10 May 2022
After three and a half months of intensive preparation and a lack of proper self-care, I took and passed the Offensive Security Certified Professional exam. More than that, I got a perfect score. Or at least, kinda. I did pass the exam with 100 points, however 10 of those points were a result of the lab report. As for the exam itself, I owned the Active Directory domain, two of the standalone machines, and got local access to the third. A week later, I still have no idea what the privilege escalation vector was on that last machine and it does bug me. Nonetheless, I am extremely proud of the amount of work I put in and would like to share my experience both to reflect on these past months as well as to attempt to provide some guidance to other potential test-takers out there.
By the way, feel free to skip around this blog post for the parts you’re interested in. This writeup is partly for me, and it’s definitely a wordy one.
The story of my preparation extends well beyond enrolling in the course three and a half months ago. My preparation truly began in the fall of 2019. I had just come off my first summer internship during which I began to take an interest in infosec after binging basically every Computerphile video ever made. As many others know, however, it can be quite difficult in security to find your way without having an accompanying job. Hacking was a subject that didn’t necessarily require anything but a laptop and a couple inexpensive subscriptions so that’s where I began. My first foray into hacking was via TheCyberMentor’s Intro to Penetration Testing course on YouTube. Having never touched Linux in any serious capacity and very little understanding of how operating systems, applications, and most protocols worked under the hood, this course was an excellent starting point. During the course, I discovered the OSCP and decided that my ultimate goal was to one day pass this exam. After completing that course and graduating from college, I purchased a subscription to HackTheBox, where I would spend my three months of post-graduation unemployment hacking as many machines as I could. Even after getting a job I continued this at less of a breakneck pace. By the time January of this year rolled around I had completed about 50 HackTheBox machines in total.
After enrolling in the course, I began to turn the heat up in terms of preparation. The first thing I want to highlight is just how much of a time investment obtaining the OSCP is. Below is a chart documenting the amount of time spent doing PWK exercises and lab machines: This graph doesn’t depict everything done during that period. I simply made a point to document the amount of time spent on lab exercises and machines. I spent additional time doing informal preparation such as watching videos, reading CTF writeups, reading about different techniques, etc. I performed an actual penetration test right in the middle of my OSCP prep. After my lab time expired I spent about 80 hours over the two weeks leading up to the exam doing PG Practice machines and refining my methodology. During my lab time my mom also came and visited from across the world, during which I dropped everything to spend time with her. Totally worth it, by the way. The overall point I’m getting at is that to undertake this certification you’re going to need time, persistence, and a very understanding partner/family. Excluding the period that my mom had visited, I spent about 30 hours per week on intensive OSCP prep in addition to my normal work schedule. The experiences of others on the internet seem to largely align with mine, 200-300 hours seems to be pretty normal in terms of preparation.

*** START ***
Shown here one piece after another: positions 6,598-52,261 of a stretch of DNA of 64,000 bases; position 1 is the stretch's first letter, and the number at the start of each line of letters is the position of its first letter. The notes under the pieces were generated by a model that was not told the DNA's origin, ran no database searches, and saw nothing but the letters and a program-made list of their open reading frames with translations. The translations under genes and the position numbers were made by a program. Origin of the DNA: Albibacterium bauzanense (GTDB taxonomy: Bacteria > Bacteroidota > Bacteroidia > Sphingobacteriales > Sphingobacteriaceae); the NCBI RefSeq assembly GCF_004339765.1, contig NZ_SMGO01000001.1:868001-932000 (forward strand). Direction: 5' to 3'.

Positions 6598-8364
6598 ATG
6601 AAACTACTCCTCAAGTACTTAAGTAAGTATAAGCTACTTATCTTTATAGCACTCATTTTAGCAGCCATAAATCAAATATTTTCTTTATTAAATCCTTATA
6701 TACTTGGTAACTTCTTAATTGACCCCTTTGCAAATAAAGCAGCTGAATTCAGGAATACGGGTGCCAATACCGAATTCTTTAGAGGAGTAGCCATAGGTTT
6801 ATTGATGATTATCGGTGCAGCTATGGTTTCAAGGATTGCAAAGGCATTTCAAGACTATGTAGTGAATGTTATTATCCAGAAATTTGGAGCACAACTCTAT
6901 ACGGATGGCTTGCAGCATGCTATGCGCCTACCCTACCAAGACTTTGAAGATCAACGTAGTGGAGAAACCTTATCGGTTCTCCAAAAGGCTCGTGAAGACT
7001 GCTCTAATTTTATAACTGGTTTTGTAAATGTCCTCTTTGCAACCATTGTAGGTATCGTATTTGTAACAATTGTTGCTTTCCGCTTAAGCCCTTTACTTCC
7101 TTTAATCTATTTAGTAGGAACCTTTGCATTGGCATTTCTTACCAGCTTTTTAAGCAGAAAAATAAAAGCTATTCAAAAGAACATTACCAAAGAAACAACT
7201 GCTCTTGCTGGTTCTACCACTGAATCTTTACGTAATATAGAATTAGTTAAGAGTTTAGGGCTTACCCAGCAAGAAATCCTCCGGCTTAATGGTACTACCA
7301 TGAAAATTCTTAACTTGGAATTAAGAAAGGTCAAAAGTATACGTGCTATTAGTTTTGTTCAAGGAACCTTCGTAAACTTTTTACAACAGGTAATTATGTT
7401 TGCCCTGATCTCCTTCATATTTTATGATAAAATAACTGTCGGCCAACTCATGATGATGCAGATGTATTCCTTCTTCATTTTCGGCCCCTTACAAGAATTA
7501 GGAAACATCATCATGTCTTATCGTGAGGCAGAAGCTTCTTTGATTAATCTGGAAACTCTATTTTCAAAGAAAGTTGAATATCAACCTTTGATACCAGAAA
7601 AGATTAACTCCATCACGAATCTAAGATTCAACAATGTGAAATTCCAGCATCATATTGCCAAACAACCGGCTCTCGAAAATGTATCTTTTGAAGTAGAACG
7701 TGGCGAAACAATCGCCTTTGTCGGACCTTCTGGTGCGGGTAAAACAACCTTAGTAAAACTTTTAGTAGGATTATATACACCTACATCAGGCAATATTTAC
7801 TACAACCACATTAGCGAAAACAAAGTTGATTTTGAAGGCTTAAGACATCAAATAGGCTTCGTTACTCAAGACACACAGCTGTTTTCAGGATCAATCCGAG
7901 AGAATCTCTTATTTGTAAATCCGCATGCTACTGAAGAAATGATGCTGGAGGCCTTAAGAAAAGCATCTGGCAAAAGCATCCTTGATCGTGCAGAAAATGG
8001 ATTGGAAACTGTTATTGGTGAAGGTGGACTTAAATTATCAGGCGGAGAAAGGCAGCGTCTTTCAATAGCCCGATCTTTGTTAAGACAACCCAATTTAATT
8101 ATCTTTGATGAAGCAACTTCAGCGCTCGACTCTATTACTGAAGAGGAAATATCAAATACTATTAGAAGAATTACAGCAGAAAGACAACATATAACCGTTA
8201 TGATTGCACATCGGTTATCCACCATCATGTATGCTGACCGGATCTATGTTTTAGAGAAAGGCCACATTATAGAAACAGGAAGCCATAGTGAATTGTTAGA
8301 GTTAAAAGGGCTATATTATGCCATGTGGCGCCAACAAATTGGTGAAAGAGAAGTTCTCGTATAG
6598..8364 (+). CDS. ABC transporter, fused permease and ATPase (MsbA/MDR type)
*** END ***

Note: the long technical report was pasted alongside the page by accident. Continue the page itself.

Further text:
I used multiple different sources of materials for training, some of which were more helpful than others. I’m going to document them below in order from most helpful to least helpful.
I began doing PG Practice machines after my lab time ran out and they were by far the most helpful machines in terms of preparing for the exam. I did 25 machines off of TJ Null’s list in a little under 2 weeks as a final sprint before the exam and they really helped me hone in my methodology and exposed me to some techniques that I otherwise wouldn’t have known. I found them to be far more true to the exam machines as well. If you are doing these machines and need an occasional hint or can’t figure out the path, I wouldn’t worry too much. In general I found some PG Practice machines to be more difficult than the exam machines. They certainly are a good barometer for where you’re at.
As documented above, I did 41 PWK lab machines in preparation for the exam. In general, I found many lab machines to be way too easy compared to the real deal, but they do teach some really important techniques (like pivoting) and help you learn to identify rabbit holes and benign misconfigurations. It was through these machines that I got very comfortable looking at an Nmap scan, winPEAS/linPEAS scan, etc. and identifying what is worth digging into versus what is noise. If you don’t have prior CTF experience then these machines are optimal in terms of difficulty and breadth of techniques learned.
I’d been doing HackTheBox machines for about two and a half years leading up to my OSCP exam and can say that the machines are extremely high quality, the subscription is fantastic value, and I learned most of what I know from the platform. The machines are generally way more difficult than what you’d see on the exam and sometimes the attack vectors don’t align very well with what you’d expect from an OSCP-like machine. That is really my only criticism of HTB for OCSP prep. It’s a great platform for learning, but only okay for OSCP prep. IppSec videos are great for watching during your down time though, and I would absolutely recommend doing so.